Preventing food poisoning
Food poisoning, also called food-borne illness, is a common, distressing and sometimes life-threatening problem for millions of people throughout the world. People infected with food-borne organisms may be symptom-free or may have symptoms ranging from mild intestinal discomfort to severe dehydration and bloody diarrhoea.
Depending on the type of infection, people can even die as a result of food poisoning. That is why it is very important to take steps to prevent food poisoning. Follow these general guidelines to avoid contracting a food-borne illness.
General guidelines to prevent food poisoning
- Make sure that food from animal sources (meat, dairy, eggs) is cooked thoroughly or pasteurised.
- Avoid eating raw or undercooked meats and eggs. Check sell-by dates on meats before purchasing and again before preparing.
- Carefully select and prepare fish and shellfish to ensure quality and freshness.
- If you are served an undercooked meat or egg product in a restaurant, send it back for further cooking. You should also ask for a new plate.
- Be careful to keep juices or drippings from raw meat, poultry, shellfish or eggs from contaminating other foods.
- Don't wash raw chicken before cooking, as this can spread germs around the kitchen.
- When barbecuing food, always make sure it is cooked all the way through and not just charred on the outside.
- Do not leave eggs, meats, poultry, seafood or milk for extended periods of time at room temperature. Promptly refrigerate leftovers and food prepared in advance.
- Wash your hands, cutting boards and knives with antibacterial soap and warm to hot water after handling raw meat, poultry, seafood, or eggs.
- Avoid unpasteurised milk or foods made from unpasteurised milk.
- Do not thaw foods at room temperature. Thaw foods in the fridge and use them promptly. Do not refreeze foods once they have been completely thawed.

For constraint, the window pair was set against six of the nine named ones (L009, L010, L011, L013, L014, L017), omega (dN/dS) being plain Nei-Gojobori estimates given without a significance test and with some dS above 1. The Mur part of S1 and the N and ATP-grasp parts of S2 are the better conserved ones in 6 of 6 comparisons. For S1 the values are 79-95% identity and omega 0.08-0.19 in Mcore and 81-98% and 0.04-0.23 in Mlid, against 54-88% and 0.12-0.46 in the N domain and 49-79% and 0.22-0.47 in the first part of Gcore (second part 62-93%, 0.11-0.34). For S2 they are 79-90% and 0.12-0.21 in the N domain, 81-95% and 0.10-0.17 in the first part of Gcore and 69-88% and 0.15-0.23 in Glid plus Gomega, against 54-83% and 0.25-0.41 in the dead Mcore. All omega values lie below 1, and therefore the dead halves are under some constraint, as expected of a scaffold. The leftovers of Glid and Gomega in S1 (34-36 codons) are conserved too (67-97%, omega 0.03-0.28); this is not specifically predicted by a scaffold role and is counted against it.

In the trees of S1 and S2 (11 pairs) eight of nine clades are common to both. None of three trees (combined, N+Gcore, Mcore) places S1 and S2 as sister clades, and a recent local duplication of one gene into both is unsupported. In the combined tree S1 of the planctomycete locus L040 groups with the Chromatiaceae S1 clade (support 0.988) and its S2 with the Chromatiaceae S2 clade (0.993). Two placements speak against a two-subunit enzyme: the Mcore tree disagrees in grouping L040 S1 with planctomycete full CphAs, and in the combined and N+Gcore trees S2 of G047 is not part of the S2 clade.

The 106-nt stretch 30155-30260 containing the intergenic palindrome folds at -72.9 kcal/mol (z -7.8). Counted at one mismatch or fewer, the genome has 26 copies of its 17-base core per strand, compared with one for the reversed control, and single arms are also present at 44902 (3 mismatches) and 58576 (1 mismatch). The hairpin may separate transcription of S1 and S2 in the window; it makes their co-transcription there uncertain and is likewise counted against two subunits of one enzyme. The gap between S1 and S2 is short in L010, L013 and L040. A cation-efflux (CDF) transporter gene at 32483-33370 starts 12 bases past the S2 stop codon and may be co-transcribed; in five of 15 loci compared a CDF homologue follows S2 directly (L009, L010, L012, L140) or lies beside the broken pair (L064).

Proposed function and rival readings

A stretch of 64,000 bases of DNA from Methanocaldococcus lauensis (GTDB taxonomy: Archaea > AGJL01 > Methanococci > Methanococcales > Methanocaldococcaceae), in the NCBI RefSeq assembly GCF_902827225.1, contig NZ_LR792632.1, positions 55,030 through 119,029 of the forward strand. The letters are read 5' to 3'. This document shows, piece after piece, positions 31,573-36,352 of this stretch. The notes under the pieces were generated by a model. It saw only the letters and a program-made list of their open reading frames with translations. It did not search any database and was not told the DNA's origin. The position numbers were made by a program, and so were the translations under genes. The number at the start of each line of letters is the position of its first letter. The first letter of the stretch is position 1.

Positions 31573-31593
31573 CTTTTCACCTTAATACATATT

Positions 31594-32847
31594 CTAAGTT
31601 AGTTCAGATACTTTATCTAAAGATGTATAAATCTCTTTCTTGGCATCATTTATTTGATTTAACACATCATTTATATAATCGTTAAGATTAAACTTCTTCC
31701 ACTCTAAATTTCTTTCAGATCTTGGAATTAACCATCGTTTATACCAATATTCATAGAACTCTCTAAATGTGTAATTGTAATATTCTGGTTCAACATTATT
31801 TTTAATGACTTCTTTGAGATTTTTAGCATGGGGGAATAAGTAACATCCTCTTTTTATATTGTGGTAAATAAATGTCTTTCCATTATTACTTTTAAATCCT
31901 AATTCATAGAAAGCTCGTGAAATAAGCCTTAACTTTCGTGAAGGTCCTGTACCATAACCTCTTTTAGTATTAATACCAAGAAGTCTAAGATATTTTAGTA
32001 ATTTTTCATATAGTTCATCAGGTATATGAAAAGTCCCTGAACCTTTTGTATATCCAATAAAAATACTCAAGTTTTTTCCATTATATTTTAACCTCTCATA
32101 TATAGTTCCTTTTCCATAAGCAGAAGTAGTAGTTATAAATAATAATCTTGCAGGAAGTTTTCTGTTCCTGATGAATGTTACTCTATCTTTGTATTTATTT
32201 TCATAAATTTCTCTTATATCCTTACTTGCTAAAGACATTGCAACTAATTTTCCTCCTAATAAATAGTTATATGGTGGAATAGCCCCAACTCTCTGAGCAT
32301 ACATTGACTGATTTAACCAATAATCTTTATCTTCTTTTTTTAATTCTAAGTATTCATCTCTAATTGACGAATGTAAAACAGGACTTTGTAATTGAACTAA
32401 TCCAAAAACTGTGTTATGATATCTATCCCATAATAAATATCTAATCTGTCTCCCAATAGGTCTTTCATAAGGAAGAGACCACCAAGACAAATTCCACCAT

- Wash raw vegetables and fruits thoroughly before eating, especially those that will not be cooked.
- Drink only pasteurised juice or cider. Commercial juice with an extended shelf life that is sold at room temperature (juice in cardboard boxes, vacuum sealed juice in glass containers) has been pasteurised, although this is generally not indicated on the label. Juice concentrates are also heated sufficiently to kill bacteria.
- If you are ill with diarrhoea or vomiting, do not prepare food for others, especially infants, the elderly, and those with weakened immune systems since they are more vulnerable to infection.
- Wash hands with soap after handling reptiles, birds or after contact with human or pet faeces.
- Mother's milk is the safest food for young infants. Breast-feeding may prevent many food-borne illnesses and other health problems.
Those at high risk, such as pregnant women, should also avoid soft cheeses such as brie, camembert, blue-veined or other cheese with similar rind are more prone to carry harmful bacteria. Hard cheeses are safe to eat and processed cheeses, cream cheese, cottage cheese and yoghurt are also safe provided they have been pasteurised.
Cook foods until they are steaming hot, especially leftover foods or ready-to-eat foods, before eating.
Pregnant women and people with weakened immune systems may choose to avoid or thoroughly reheat cooked sliced meats before eating.